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Research article - Peer-reviewed, 2008

Climate-driven spatial dynamics of plague among prairie dog colonies

Snall T, O'Hara RB, Ray C, Collinge SK


We present a Bayesian hierarchical model for the joint spatial dynamics of a host-parasite system. The model was fitted to long-term data on regional plague dynamics and metapopulation dynamics of the black-tailed prairie dog, a declining keystone species of North American prairies. The rate of plague transmission between colonies increases with increasing precipitation, while the rate of infection from unknown sources decreases in response to hot weather. The mean annual dispersal distance of plague is about 10 km, and topographic relief reduces the transmission rate. Larger colonies are more likely to become infected, but colony area does not affect the infectiousness of colonies. The results suggest that prairie dog movements do not drive the spread of plague through the landscape. Instead, prairie dogs are useful sentinels of plague epizootics. Simulations suggest that this model can be used for predicting long-term colony and plague dynamics as well as for identifying which colonies are most likely to become infected in a specific year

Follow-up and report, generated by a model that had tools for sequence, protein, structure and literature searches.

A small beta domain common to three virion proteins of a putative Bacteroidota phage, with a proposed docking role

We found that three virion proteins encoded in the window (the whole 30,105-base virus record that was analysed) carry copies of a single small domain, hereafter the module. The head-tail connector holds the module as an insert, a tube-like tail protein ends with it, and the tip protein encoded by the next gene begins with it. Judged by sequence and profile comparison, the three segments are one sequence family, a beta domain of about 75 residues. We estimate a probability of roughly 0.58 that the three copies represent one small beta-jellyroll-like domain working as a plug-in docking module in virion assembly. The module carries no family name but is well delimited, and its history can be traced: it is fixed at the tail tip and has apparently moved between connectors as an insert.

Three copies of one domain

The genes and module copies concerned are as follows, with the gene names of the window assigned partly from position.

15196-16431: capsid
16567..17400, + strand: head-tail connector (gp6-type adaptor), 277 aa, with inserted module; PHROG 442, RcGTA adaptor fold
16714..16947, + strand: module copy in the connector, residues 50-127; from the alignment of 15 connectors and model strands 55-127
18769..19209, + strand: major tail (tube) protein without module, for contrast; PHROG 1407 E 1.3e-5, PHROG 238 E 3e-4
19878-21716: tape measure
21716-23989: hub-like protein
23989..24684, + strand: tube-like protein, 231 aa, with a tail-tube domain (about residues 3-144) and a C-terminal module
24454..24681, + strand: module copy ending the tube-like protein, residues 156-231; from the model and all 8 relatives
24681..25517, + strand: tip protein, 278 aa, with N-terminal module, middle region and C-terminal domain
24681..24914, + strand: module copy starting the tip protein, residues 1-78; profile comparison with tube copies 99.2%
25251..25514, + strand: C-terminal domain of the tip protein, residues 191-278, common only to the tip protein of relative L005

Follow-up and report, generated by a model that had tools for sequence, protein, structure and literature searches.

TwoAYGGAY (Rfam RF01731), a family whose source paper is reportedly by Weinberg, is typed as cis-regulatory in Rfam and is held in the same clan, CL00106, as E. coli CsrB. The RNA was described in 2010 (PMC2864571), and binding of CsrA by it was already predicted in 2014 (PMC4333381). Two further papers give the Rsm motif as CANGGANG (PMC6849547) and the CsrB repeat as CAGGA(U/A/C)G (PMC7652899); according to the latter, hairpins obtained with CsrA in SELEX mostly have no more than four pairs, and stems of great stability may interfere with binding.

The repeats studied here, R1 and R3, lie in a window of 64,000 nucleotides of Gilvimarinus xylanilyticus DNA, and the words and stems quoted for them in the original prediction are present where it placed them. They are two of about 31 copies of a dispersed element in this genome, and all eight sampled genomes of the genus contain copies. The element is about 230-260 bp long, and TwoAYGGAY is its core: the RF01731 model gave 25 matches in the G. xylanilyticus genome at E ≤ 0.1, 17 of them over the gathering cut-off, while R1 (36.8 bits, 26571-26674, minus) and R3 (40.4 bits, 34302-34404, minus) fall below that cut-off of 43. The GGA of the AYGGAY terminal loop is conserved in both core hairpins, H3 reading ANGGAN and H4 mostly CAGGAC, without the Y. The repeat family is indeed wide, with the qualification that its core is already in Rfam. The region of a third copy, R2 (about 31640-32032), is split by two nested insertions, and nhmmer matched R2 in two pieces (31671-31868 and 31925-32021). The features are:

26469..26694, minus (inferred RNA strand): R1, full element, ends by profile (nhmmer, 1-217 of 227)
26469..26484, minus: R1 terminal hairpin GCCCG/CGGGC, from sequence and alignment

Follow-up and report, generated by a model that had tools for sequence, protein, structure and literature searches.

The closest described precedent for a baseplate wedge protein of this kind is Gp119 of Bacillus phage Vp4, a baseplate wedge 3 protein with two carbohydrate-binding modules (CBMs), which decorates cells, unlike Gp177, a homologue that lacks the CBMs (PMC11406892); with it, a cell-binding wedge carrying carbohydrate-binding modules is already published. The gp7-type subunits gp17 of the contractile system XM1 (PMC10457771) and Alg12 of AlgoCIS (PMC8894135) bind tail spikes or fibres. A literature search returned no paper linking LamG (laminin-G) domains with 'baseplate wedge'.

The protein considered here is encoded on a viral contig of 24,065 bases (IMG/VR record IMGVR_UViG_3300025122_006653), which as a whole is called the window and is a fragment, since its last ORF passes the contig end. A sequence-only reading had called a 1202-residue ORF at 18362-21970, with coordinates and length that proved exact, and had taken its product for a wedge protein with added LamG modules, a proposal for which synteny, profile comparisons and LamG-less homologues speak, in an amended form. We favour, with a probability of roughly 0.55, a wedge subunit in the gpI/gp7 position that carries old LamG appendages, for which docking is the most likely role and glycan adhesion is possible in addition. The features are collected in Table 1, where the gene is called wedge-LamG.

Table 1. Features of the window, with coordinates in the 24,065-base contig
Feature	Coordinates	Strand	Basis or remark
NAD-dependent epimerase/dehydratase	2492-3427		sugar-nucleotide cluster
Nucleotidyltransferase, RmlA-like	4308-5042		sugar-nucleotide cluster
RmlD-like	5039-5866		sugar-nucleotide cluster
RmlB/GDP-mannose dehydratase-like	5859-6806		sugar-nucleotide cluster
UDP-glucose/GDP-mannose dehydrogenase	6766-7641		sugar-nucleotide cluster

Published in

American Naturalist
2008, volume: 171, number: 2, pages: 238-248

Authors' information

University of Colorado
O'Hara, R.B.
Ray, C
Collinge, S.K.

UKÄ Subject classification

Environmental Sciences related to Agriculture and Land-use

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